Tapping the reverse arbitrage opportunity

This can be slightly more complicated than buying and selling futures. Arbitrage in F&O means buying a stock and selling equivalent futures. The spread between the two is the assured profit because on the expiry date, the cash and futures position will expire at the same price. In a reverse arbitrage you sell the stock and buy the futures of similar quantity. But how is that possible? You can only do that against your holdings. Assume that you are holding shares of ACC for over 2 years and the futures go into deep discount without dividend impact. In that case you sell the stock and buy the futures. Here is the advantage. Firstly, you get the benefit of the discount as a riskless profit. Secondly, you convert your cash into futures; so you hold same quantity with much lower margin. Finally, since you have already held the stock for more than a year, it is LTCG and tax will not be an issue. That is how to profit from reverse arbitrage. But reverse arbitrage is not too frequent.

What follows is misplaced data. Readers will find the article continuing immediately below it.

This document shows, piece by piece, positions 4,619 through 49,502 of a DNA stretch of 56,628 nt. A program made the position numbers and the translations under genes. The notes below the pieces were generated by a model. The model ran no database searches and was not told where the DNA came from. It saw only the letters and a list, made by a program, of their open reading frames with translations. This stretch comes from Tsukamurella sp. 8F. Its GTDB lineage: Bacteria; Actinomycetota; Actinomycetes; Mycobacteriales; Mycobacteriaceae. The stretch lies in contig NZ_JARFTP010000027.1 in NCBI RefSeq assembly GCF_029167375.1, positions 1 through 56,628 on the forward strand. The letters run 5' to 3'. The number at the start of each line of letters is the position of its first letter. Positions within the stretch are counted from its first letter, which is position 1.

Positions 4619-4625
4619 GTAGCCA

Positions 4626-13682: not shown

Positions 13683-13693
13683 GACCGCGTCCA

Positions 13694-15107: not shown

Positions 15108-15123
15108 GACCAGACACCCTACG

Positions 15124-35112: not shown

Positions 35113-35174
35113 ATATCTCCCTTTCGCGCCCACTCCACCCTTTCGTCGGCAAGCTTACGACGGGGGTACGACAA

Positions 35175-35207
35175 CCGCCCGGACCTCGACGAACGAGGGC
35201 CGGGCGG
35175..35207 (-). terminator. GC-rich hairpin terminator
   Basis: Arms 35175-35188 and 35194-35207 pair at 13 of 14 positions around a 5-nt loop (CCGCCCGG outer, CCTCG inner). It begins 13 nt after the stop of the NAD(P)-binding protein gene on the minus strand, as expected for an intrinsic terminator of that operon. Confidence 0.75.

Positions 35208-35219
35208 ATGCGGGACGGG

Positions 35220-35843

Play the volatility with strangles

Most of us are comfortable trading or investing when the direction of the market is clear. When it is bullish you buy and when it is bearish you sell. What do you do when the markets do not exhibit any specific direction? Assume you have an equity portfolio and you expect the markets to be volatile due to macro factors. However, you are not clear about the direction. You can buy strangles on the Nifty; meaning buy a call of higher strike and put of a lower strike. Your loss is limited to the premium paid but profits on either side are unlimited. Also, since it is a long/short strategy, it does not change the nature of your overall exposure. This can be applied with limited loss.

F&O strategies can be used to enhance profits or reduce costs. They can really work well if used appropriately and with due care.